The volatile and explosive nature of hydrogen makes it difficult to transport in today’s world. After all, hydrogen is only a gas that moves through metal pipes. As a result, European nations are investigating the potential of pumping a hydrogen-natural-gas combination.

Germany has the greatest level of hydrogen concentration during gas pumping at 10%, followed by France at 6% and Spain at 5%. To fill the remaining 90-95 percent of the capacity, natural or biogas methane is required.

According to ACER, the European Union Agency for Energy Regulatory Cooperation, 65 percent of EU nations still refused to allow hydrogen injection into their GTS in 2020.

Currently, the use of hydrogen in Ukraine’s gas transportation infrastructure is just being investigated. Even if an appropriate proportion can be discovered, natural (as well as bio) gas will continue to be the GTS’s primary fuel. They are the ones who will dilute hydrogen.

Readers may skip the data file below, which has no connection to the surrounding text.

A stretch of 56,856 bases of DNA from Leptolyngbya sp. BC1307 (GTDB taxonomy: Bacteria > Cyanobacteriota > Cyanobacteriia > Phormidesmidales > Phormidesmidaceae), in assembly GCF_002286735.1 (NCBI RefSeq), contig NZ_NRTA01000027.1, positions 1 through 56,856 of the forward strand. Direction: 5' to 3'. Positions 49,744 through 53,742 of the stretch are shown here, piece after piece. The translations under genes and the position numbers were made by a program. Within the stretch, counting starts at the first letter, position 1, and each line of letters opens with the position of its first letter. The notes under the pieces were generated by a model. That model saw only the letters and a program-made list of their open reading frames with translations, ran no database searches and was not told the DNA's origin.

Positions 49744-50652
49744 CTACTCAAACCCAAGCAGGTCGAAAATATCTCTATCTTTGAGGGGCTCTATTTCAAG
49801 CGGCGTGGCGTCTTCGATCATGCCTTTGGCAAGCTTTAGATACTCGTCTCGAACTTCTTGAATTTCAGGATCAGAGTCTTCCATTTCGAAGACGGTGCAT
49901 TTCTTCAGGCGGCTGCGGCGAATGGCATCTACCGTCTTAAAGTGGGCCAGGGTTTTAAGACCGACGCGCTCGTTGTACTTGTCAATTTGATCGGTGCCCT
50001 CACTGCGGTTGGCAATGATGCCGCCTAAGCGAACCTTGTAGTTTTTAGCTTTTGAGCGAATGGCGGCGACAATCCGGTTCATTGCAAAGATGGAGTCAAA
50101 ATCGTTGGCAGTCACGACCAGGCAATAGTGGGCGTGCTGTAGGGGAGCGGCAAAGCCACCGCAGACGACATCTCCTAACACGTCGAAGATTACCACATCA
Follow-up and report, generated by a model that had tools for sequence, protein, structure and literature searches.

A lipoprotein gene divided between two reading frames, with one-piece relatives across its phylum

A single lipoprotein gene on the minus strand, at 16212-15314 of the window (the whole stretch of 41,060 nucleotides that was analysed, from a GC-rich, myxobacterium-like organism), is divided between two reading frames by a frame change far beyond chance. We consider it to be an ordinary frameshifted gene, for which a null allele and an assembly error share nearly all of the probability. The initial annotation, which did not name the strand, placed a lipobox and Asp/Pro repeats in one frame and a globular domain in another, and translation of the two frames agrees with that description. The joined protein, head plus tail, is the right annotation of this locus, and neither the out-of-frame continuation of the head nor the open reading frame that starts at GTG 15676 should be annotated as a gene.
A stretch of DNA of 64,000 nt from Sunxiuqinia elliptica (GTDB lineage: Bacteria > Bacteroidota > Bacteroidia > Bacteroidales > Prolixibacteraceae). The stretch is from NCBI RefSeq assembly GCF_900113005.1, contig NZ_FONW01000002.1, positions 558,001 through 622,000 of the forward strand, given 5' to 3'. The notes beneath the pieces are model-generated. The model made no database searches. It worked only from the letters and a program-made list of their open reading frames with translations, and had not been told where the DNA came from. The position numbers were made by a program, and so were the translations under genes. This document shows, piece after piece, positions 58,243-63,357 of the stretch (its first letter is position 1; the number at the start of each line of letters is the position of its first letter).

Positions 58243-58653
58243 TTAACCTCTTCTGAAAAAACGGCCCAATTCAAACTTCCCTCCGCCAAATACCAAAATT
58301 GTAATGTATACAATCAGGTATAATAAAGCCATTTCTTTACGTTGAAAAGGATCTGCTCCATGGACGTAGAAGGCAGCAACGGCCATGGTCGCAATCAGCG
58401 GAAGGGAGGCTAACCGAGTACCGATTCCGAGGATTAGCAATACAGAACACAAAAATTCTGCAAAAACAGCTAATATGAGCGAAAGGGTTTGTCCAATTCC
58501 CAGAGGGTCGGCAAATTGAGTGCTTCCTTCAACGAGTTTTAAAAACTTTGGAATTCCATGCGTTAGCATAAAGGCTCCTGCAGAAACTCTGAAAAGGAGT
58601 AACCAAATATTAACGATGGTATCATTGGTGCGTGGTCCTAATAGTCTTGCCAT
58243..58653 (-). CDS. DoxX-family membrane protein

As a result, a huge amount of gas will be required: self-production will not suffice for wide-scale exports of hydrogen mixture. As a result, maintaining Russian gas transportation is important. Furthermore, Ukrainian customers will continue to require a large amount of natural gas.

  • Hydrogen will not replace gas transportation for Ukraine in the near future,’ says Olga Belkova, the GTS Operator of Ukraine’s head of contact with government agencies and foreign organizations.